Jack Kerouac – “October in the Railroad Earth” (1957)

March 31, 2016 at 7:44 pm (Jack Kerouac, Poetry & Literature, The Beats)

There was a little alley in San Francisco back of the Southern Pacific station at Third and Townsend in redbrick of drowsy lazy afternoons with everybody at work in offices in the air you feel the impending rush of their commuter frenzy as soon they’ll be charging en masse from Market and Sansome buildings on foot and in buses and all well-dressed thru workingman Frisco of Walkup ?? truck drivers and even the poor grime-bemarked Third
Street of lost bums even Negros so hopeless and long left East and meanings of responsibility and try that now all they do is stand there spitting in the broken glass sometimes fifty in one afternoon against one wall at Third and Howard and here’s all
these Millbrae and San Carlos neat-necktied producers and commuters of America and Steel civilization rushing by with San Francisco Chronicles and green Call-Bulletins not even enough time to be disdainful, they’ve got to catch 130, 132, 134, 136 all the way up to 146 till the time of evening supper in homes of the railroad earth when high in the sky the magic stars ride above the following hotshot freight trains–it’s all in California, it’s all a
sea, I swim out of it in afternoons of sun hot meditation in my jeans with head on handkerchief on brakeman’s lantern or (if not working) on book, I look up at blue sky of perfect lostpurity and feel the warp of wood of old America beneath me and I have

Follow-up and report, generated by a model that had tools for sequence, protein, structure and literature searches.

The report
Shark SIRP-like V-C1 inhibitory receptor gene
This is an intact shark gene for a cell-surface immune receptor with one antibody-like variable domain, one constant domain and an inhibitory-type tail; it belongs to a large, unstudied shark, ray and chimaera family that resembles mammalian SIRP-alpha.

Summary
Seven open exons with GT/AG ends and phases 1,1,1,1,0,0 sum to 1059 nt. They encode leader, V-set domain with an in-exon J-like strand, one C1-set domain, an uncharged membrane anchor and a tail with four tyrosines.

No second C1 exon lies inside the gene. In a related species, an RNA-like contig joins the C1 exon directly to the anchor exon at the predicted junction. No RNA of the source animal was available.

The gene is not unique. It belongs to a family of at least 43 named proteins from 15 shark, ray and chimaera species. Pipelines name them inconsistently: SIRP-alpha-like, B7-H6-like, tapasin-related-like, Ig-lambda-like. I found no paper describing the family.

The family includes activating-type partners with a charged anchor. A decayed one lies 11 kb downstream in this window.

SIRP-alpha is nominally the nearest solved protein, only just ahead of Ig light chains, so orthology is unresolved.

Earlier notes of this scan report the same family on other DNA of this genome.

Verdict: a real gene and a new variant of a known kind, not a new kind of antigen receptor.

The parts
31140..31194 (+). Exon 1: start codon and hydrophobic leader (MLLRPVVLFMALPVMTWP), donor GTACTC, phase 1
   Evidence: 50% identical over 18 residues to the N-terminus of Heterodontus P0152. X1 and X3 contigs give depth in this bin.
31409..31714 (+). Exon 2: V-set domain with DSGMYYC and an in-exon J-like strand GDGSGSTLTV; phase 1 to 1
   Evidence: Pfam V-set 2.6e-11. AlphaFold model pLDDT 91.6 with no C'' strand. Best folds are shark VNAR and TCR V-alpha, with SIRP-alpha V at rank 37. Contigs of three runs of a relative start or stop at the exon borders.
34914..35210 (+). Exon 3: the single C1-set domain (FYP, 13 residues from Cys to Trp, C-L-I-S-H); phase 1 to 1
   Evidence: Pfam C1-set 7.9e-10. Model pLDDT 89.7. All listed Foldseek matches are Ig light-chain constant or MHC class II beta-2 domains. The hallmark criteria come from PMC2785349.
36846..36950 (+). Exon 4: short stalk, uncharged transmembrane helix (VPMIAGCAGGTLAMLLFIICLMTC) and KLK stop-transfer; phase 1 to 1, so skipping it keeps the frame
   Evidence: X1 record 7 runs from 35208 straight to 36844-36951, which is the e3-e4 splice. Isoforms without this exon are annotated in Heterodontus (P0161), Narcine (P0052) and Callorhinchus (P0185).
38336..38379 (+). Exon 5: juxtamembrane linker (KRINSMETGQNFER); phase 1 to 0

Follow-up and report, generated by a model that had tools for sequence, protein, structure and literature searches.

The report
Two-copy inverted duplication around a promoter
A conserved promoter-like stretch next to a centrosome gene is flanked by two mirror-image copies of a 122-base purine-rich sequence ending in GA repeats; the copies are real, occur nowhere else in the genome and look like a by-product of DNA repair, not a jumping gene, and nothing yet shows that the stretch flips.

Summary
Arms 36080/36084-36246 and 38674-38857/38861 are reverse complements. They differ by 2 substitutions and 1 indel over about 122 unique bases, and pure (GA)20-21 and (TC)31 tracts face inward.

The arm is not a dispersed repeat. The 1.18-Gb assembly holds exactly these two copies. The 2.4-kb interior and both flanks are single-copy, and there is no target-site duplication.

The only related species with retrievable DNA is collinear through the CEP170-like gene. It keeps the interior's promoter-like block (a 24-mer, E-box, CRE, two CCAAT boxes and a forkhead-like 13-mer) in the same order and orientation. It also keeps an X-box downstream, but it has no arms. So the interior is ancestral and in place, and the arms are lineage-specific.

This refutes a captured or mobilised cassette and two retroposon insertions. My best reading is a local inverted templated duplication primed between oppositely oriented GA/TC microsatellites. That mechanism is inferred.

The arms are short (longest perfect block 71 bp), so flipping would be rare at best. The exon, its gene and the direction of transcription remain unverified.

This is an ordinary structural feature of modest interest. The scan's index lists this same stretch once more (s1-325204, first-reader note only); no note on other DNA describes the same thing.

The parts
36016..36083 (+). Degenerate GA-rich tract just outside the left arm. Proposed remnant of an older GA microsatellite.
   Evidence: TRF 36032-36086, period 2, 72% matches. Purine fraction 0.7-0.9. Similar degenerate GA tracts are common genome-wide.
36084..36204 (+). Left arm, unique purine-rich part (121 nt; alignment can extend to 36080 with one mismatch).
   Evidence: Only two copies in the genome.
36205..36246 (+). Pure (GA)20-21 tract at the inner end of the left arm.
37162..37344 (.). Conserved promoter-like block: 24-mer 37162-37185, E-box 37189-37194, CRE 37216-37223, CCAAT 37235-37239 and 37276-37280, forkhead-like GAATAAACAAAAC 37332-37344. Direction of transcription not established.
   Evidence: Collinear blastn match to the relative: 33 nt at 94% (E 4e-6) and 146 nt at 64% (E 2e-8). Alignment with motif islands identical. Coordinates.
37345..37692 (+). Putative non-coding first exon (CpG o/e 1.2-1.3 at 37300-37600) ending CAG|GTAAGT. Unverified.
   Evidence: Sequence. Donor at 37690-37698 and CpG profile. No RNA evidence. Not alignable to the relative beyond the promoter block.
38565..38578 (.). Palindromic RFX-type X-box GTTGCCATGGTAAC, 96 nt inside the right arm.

insane conversations with Negroes in second-story windows above and everything is pouring in, the switching moves of boxcars in that little alley which is so much like the alleys of Lowell and I hear far off in the sense of coming night that engine calling our
mountains.

But it was that beautiful cut of clouds I could always see above the little S.P. alley, puffs floating by from Oakland or the Gate of Marin to the north or San Jose south, the clarity of Cal to break your heart. It was the fantastic drowse and drum hum of lum mum afternoon nathin’ to do, ole Frisco with end of land sadness–the people–the alley full of trucks and cars of businesses nearabouts and nobody knew or far from cared who I was all my life three thousand five hundred miles from birth-O opened up and at last belonged to me in Great America.

Now it’s night in Third Street the keen little neons and also yellow bulblights of impossible-to-believe flops with dark ruined shadows moving back of tom yellow shades like a degenerate China with no money-the cats in Annie’s Alley, the flop comes on, moans, rolls, the street is loaded with darkness. Blue sky above with stars hanging high over old hotel roofs and blowers of hotels moaning out dusts of interior, the grime inside the word in mouths falling out tooth by tooth, the reading rooms tick tock bigclock with creak chair and slantboards and old faces looking up over rimless spectacles bought in some West Virginia or Florida or Liverpool England pawnshop long before I was born and across rains they’ve come to the end of the land sadness end of the world gladness all you San Franciscos will have to fall eventually and burn again. But I’m walking and one night a bum fell into the hole of the construction job where they’re tearing a sewer by day the husky Pacific & Electric youths in torn jeans who work there often I think of going up to some of ’em like say blond ones with wild hair and tom shirts and say “You oughta apply for the railroad it’s much easier work you don’t stand around the street all day and you get much more pay” but this bum fell in the hole you saw his foot stick out, a British MG also driven by some eccentric once backed into the hole and as I came home from a long Saturday afternoon local to Hollister out of San Jose miles away across verdurous fields of prune and juice joy here’s this British MG backed and legs up wheels up into a pit and bums and cops standing around right outside the coffee shop-it was the way they fenced it